Geraldshields11 [CC BY-SA 3.0], via Wikimedia Commons

December 2, 2019; Lexology

Last May, NPQ wrote about the case of unpaid interns at the international human rights nonprofit Amnesty International USA (Amnesty) who advocated for pay and were supported in their quest by paid staff of the organization who signed a petition on their behalf. An administrative law judge found that the paid staff’s solidarity action was protected by the National Labor Relations Act (NLRA). The judge also determined that the organization violated NLRA through the actions of its Executive Director. Our coverage anticipated the National Labor Relations Board (NLRB) following Amnesty’s request to overturn the case.

According to the National Law Review, the executive director’s actions in question leading to the original decision included:

  1. “Instructing employees to make complains orally before making them in writing”;
  2. “Threatening unspecified reprisals because of the employees’ protected concerted activity”;
  3. “Equating protected concerted activity with disloyalty”; and
  4. “Requesting employees to report to management other employees who are engaging in protected concerted activity.”

The NLRB did hear the case and, in a unanimous decision, reversed the administrative law judge’s ruling. The Board found that the unpaid interns were not “employees,” and then added that “the actions of the statutory employees in support of benefits sought only by those who were not statutory employees is not conduct protected under the Act.”

The case background detailed in the National Law Review article presents “nearly all” of the organizations’ employees signing a petition to support a group of unpaid interns seeking pay for their volunteer work. Amnesty has typically hired 15 unpaid interns each academic semester.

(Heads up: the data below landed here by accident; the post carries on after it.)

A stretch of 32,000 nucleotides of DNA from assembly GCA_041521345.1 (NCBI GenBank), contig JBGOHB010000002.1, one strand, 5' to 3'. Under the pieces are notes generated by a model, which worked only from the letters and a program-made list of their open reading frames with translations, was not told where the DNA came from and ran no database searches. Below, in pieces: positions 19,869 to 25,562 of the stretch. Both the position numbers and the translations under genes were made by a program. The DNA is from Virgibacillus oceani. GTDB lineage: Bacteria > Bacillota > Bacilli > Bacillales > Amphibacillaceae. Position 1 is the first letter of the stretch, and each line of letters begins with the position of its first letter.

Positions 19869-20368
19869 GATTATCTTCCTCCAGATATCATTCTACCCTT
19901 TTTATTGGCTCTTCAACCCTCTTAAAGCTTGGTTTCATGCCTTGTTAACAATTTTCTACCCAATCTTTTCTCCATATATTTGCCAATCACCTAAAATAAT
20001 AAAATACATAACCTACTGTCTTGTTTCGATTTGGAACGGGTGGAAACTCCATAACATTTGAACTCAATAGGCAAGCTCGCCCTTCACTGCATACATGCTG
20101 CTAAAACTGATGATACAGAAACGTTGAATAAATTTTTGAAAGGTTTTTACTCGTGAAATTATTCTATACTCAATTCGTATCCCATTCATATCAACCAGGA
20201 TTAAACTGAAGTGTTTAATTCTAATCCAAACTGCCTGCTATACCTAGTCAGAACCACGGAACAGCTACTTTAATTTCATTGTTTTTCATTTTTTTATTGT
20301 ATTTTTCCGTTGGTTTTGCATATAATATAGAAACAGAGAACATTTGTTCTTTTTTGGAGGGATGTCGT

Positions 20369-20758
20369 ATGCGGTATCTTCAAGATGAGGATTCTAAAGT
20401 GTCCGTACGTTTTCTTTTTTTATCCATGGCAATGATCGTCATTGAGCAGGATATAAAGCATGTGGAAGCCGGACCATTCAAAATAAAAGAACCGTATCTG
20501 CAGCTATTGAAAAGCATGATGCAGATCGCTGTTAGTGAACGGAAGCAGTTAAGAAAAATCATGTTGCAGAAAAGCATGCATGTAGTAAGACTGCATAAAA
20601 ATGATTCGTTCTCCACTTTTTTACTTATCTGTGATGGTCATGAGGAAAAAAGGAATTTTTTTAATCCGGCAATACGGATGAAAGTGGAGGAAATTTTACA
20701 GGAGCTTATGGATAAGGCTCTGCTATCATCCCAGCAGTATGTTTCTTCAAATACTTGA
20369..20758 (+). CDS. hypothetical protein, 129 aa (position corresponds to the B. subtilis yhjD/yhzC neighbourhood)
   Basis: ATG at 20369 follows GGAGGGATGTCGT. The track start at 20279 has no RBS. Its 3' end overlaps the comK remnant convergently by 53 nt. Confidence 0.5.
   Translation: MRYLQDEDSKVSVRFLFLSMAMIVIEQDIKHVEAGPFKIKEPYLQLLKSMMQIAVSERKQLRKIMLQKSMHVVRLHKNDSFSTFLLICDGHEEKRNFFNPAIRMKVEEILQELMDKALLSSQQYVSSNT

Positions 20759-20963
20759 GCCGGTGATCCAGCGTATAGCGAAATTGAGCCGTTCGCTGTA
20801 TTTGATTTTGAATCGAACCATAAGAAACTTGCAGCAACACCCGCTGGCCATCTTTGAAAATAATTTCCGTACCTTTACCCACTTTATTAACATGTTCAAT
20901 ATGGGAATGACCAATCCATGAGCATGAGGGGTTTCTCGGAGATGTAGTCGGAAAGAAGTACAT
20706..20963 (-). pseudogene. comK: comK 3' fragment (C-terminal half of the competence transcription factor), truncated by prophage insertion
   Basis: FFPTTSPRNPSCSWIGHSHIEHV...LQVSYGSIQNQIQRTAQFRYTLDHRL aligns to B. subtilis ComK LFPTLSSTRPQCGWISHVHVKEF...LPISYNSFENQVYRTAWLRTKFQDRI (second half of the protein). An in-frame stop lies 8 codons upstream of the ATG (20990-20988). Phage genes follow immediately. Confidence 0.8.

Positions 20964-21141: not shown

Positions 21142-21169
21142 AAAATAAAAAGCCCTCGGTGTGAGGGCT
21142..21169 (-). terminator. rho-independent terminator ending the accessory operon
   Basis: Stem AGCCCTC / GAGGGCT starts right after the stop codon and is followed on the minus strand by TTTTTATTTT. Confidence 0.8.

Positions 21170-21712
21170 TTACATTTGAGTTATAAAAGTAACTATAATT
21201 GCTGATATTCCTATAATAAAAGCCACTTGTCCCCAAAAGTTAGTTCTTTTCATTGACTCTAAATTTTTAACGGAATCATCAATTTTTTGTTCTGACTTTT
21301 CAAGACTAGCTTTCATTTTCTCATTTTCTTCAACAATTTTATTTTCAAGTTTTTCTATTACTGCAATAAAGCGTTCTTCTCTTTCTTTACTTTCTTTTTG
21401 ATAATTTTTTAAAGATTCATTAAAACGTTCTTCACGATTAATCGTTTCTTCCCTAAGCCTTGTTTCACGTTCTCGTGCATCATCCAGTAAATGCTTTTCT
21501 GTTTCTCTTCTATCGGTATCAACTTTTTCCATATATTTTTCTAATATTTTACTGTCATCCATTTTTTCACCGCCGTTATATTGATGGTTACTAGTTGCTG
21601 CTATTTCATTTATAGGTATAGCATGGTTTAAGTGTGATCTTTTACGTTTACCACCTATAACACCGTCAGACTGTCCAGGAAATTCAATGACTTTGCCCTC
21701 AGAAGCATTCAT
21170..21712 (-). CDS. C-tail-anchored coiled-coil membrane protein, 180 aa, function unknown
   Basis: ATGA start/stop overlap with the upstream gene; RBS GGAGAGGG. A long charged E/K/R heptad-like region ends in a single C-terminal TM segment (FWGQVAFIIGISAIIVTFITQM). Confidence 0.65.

It is easy to imagine the hardship of typical students both interested in gaining valuable experience and struggling to pay college costs laboring in unpaid internship positions. “Nearly all” of Amnesty’s paid employees supported their quest to get paid for their work. The nation’s highest labor law body ruled that the executive director’s actions were not unlawful and the employees’ solidarity action was not protected by law.

Amnesty International helps “fight abuses of human rights worldwide” as a global movement of “people who take injustice personally.” Their website features a “Modern Slavery Act Transparency Statement” to prevent “contributing to the exploitation of others.” The juxtaposition between the organizational mission and management behavior is ironic. (Management claimed that, prior to the interns’ protest, it planned to shift from having 15 unpaid interns to three paid interns.)

The decision, of course, upholds the right of nonprofits to have unpaid interns. Years ago, NPQ noted that, “It’s no secret that nonprofits rely on the efforts of passionate and committed interns to keep daily operations running. With protection through the US Department of Labor’s guidelines for legal unpaid internships, they have yet to receive any legal pushback for their uncompensated offerings. But this doesn’t mean they’re not doing their unpaid interns an injustice.”

Still, in and of itself, the NLRB’s decision to uphold unpaid internships, while disappointing, is not particularly surprising. A perhaps more far-reaching impact of the decision, however, is the part of the decision saying that paid employees are not protected if they show solidarity with people who are not classified as employees.

Writing for the blog of the Society for Human Resource Management (SHRM), attorney Allen Smith notes the impact of the NLRB decision could be far-reaching. Smith quotes Molly Lee Kaban, an attorney with Harrison Bridgett in San Francisco, who observes that “other types of nonemployees, such as gig workers and other independent contractors, will not be able to rely on support from employees within an organization to advocate on their behalf. Uber employees, for example, can potentially be disciplined or terminated for advocating on behalf of nonemployee drivers who want to be classified as employees. This could lessen the pressure on employers to make changes.”

NLRB board member Lauren McFerran, who concurred with the overall NLRB decision, nonetheless disagreed that workers advocating only for nonemployees are unprotected by labor law. The labor board’s ruling, in this respect, McFerran tells Smith “represents another instance of the [NLRB] majority reaching out to wrongly narrow statutory protections” for workers.—Kori Kanayama